Brexit: settled status
The Brexit debate rumbles on in Parliament and dates and deadlines all appear subject to ongoing negotiations. But, for now, the pre-scheduled date of 30th March will open the door for applications from EU, EEA or Swiss citizens who have notched up five years of continuous residence in the UK to apply for settled status, in anticipation of the UK’s eventual departure.
This will enable them to continue to live here after the end of the Brexit transition. Alongside, those who do not meet this requirement can apply for pre-settled status, allowing them to remain until they have accrued enough residency to be granted settled status.
While negotiations continue with the EU, the government has confirmed that if the UK leaves the EU without concluding a deal, EU/EFTA citizens and their family members already in the UK on that date would still be able to stay by applying under broadly the same terms of the current Settlement Scheme, but would need to do so by 31 December 2020.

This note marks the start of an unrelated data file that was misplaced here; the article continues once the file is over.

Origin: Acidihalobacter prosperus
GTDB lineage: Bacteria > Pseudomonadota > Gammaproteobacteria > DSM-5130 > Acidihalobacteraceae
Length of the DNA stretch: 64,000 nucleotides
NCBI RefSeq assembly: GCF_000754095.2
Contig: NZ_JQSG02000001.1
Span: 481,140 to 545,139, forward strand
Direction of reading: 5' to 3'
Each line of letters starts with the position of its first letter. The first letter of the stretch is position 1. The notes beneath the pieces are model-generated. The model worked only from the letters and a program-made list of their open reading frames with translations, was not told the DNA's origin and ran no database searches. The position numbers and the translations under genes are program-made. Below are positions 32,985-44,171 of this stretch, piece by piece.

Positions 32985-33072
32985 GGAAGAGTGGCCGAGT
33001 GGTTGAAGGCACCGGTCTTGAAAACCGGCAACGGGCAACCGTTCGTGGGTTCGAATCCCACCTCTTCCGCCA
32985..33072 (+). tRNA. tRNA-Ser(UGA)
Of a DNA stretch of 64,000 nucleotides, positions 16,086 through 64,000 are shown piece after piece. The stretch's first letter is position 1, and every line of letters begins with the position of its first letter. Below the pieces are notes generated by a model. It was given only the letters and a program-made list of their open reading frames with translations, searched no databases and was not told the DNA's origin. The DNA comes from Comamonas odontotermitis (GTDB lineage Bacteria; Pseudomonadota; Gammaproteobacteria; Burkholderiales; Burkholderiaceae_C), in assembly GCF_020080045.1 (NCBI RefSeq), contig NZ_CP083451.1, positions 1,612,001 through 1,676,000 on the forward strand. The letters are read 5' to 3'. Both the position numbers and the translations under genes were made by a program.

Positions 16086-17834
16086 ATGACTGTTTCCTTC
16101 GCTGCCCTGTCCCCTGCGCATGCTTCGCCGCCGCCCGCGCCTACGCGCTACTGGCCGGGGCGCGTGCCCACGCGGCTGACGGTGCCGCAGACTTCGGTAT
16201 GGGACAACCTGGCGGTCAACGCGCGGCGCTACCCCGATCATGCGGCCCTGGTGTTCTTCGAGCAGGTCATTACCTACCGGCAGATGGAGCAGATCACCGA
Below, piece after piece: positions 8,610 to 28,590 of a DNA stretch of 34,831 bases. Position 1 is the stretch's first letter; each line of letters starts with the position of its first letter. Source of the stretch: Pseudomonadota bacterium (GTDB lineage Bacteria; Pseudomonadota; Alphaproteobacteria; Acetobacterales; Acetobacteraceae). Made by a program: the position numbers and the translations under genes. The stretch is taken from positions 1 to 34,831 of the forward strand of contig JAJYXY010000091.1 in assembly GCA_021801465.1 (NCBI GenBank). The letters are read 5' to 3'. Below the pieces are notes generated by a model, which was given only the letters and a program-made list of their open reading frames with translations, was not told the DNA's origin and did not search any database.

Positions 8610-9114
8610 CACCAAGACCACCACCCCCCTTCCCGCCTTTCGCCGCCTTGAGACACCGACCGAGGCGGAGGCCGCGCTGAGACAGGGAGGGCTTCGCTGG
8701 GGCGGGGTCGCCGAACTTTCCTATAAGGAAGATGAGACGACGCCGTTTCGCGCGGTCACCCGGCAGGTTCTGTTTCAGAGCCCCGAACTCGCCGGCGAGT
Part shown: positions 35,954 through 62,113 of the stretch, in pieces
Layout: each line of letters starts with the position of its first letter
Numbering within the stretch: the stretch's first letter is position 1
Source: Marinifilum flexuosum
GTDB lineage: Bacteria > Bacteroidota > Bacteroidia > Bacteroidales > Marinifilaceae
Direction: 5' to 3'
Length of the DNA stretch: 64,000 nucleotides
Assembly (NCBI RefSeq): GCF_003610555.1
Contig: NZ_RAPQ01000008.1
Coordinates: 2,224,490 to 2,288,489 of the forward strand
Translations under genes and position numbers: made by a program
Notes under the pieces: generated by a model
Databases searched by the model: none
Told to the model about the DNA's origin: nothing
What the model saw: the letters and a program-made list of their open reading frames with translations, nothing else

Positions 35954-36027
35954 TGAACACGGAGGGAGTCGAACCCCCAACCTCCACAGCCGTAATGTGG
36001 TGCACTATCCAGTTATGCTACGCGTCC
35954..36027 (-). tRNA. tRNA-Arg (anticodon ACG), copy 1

Until employees have been granted settled or non-settled status, employers should continue to check the right to work on all current and prospective employees in the normal way.
This includes the changes introduced in January 2019, which allowed employers to rely on online checks to verify a person’s right to work in the UK. The online right to work checking service covers those who hold a biometric permit or residence card, or status issued under the EU Settlement Scheme, as an alternative to viewing their passport or ID card.
Posted on April 25, 2019